Wednesday 15 September 2010

Rational Enjoyment

I love pious articles offering advice in Victorian journals. Here's one from the Leisure Hour in 1859, which begins by softening up the reader:

"Every unmarried lady should prepare herself, if possible, for the contingency of being one day thrown upon her own resources for happiness. Your property may take wings and fly away. Your relatives, now so fond of you, may die; or matrimonial alliances and commercial vicissitudes may remove them far from you. Your health may give way; and if it should not, advancing age will steal on and disable you for active employment. It is wise to guard, in so far as you can, against a surprise from these or any kindred evils."

Yes, if you haven't already killed yourself by the time you finish this introductory paragraph. But how does one guard oneself?

"It is superfluous to observe that  the best and only adequate shield is unaffected piety."

Ah. Still, there's more ...

"But, as a collateral reliance, there is none to be compared with books, provided one knows how to use them; and this art should be learned now. With the profusion of works on all subjects now issuing from the press, you can be at no loss to find those which will yield you equal profit and pleasure. The habit of reading, judiciously directed, will beguile many a solitary hour. It will open new and inexhaustible sources of rational enjoyment. It will indirectly, by its wise lessons and wholesome examples, fortify your trust in God, inspire you with resignation, assist you in interpreting providential dispensations, and nurture your healthful sympathies with humanity. It will enlarge your capacities of usefulness, and clothe you with attractions which will tell in the social circle beyond the fading charms of personal beauty, and the tinsel garniture of mere ball-room accomplishments. It will store away for you choice treasure which may help to solace the twilight of your days and to bring your sun to its horizon in peace."

The writer, however, has a purpose ... can you guess?

"But if general literature and mental improvement will conduce to these ends, how much more will the study of the Bible ..."

It's an interesting article, as it highlights, in a few sentences, the vulnerable position of the 'unprotected female' in Victorian society, and her reliance on husband and family. To be honest, I was going to laugh at it a little, but there's a sad beauty to the prose; and when I consider the question 'What is writing for?' I find my own answers rather shallow in comparison. I'm not remotely religious, but I rather admire the certainty of this author; and the very Victorian idea that art should have a moral purpose, beyond mere entertainment.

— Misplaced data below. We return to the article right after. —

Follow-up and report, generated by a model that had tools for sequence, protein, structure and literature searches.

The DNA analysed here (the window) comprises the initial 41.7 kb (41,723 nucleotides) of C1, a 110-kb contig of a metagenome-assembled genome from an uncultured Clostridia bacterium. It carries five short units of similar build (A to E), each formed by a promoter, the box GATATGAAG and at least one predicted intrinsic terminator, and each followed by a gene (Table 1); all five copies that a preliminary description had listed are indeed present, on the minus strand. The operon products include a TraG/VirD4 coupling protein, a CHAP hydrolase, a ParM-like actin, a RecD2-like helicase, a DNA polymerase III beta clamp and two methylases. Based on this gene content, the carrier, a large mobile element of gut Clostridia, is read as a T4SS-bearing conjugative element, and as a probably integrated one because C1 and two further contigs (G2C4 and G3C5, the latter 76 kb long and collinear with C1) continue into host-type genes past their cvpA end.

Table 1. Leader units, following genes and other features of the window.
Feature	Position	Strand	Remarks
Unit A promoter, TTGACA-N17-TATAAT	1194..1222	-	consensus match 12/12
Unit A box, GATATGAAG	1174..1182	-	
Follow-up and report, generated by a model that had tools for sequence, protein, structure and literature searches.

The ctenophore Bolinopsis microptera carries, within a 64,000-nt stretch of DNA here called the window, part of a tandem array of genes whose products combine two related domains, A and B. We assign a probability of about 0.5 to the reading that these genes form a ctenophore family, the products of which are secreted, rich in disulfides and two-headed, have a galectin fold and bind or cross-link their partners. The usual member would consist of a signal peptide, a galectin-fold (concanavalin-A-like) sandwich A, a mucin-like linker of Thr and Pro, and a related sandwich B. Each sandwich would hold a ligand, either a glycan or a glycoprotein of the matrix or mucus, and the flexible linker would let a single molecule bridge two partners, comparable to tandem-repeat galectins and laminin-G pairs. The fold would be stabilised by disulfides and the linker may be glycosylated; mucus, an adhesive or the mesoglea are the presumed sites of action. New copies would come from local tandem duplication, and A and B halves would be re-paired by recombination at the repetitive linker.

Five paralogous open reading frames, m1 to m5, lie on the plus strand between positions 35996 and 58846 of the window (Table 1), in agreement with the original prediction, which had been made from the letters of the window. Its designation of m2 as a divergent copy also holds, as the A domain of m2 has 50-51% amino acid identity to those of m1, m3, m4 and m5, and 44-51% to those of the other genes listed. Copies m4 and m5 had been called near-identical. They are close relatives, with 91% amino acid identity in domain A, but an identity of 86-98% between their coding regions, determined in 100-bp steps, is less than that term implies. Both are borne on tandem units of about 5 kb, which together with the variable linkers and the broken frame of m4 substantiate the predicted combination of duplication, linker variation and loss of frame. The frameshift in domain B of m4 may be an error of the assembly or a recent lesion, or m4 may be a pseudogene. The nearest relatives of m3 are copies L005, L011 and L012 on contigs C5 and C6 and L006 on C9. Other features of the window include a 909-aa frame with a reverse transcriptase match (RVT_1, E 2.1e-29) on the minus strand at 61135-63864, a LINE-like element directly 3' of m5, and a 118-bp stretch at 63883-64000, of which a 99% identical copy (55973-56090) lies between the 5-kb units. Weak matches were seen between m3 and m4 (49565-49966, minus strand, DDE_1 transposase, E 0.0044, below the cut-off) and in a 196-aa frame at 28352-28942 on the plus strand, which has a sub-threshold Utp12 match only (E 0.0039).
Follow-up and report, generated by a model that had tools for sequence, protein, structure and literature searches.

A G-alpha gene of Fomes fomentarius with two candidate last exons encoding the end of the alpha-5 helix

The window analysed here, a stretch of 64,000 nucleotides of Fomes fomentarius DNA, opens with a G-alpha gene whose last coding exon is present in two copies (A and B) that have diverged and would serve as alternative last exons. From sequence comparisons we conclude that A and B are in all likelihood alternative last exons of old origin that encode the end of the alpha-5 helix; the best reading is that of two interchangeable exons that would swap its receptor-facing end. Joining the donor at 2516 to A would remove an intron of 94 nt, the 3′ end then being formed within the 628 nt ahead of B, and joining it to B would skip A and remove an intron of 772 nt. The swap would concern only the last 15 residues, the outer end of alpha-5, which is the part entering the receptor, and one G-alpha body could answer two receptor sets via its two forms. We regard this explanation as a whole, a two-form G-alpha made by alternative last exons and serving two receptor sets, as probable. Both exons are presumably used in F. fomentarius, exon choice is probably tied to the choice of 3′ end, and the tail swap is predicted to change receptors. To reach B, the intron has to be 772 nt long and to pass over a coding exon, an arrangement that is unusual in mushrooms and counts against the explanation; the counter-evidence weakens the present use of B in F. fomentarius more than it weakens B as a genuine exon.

1. The religious placebo has in its time been offered as a cure for every ill known to man and woman. As with all such, some people are convinced as to its efficacy as we see from the rapturous attendance at get-up-and-walk "healing" sessions even today.

    Unlike you, I do not admire certainty of belief in delusion and irrationality because this does far more harm than good as we see from those sad cases in the US where parents, relying on faith healing, have allowed their sick children to die.

    While the Victorian era sometimes seems complacently pious to us, I think we can also see in it healthy signs of increasing doubt and scepticism. In this, as in much else, the pioneers of the Victorian age helped prepare our modern world.

    Unfortunately, the battle against superstition and delusion has yet to be completely won.

  2. "Certainty of belief in delusion and irrationality" By this you mean religion?

    I am by no means religious, and can see only madness in these stories of Jehovah's Witnesses who will allow their children to die following an accident rather take blood, but religion is to people what people wish it to be.

    Many people have been comforted by it, even now in this age of science and technology people will turn to their religions.

    However, I believe religion is - and has always been - a way of making a vast number of people behave in a way you wish them to through fear.
    i.e, if you do THIS you will go to Hell, and this is what Hell is, so don't do THIS, but if you behave yourself, you'll go to Heaven, and this is what Heaven is.

    Religion is no different from government in a sense, both control mass numbers of people through fear of punishment, but I don't see how, on the whole, religion does more harm than good, I think there is a fair balance. As I said, many people will turn to religion in their hour of need, and the faith they have will serve them well. Placebo or no, if something works, it works.

    Homeopathy for example!

  3. The Christian tradition, however, is a crucial part of our history and, my guess would be, in terms of scholarship, and our own moral sense as 21st century atheists, that we owe it a good deal, however much we dislike its excesses and (ab)uses. The Victorians - or, at least, the middle-classes who thought about these things a good deal - were more conscious of this, I suspect.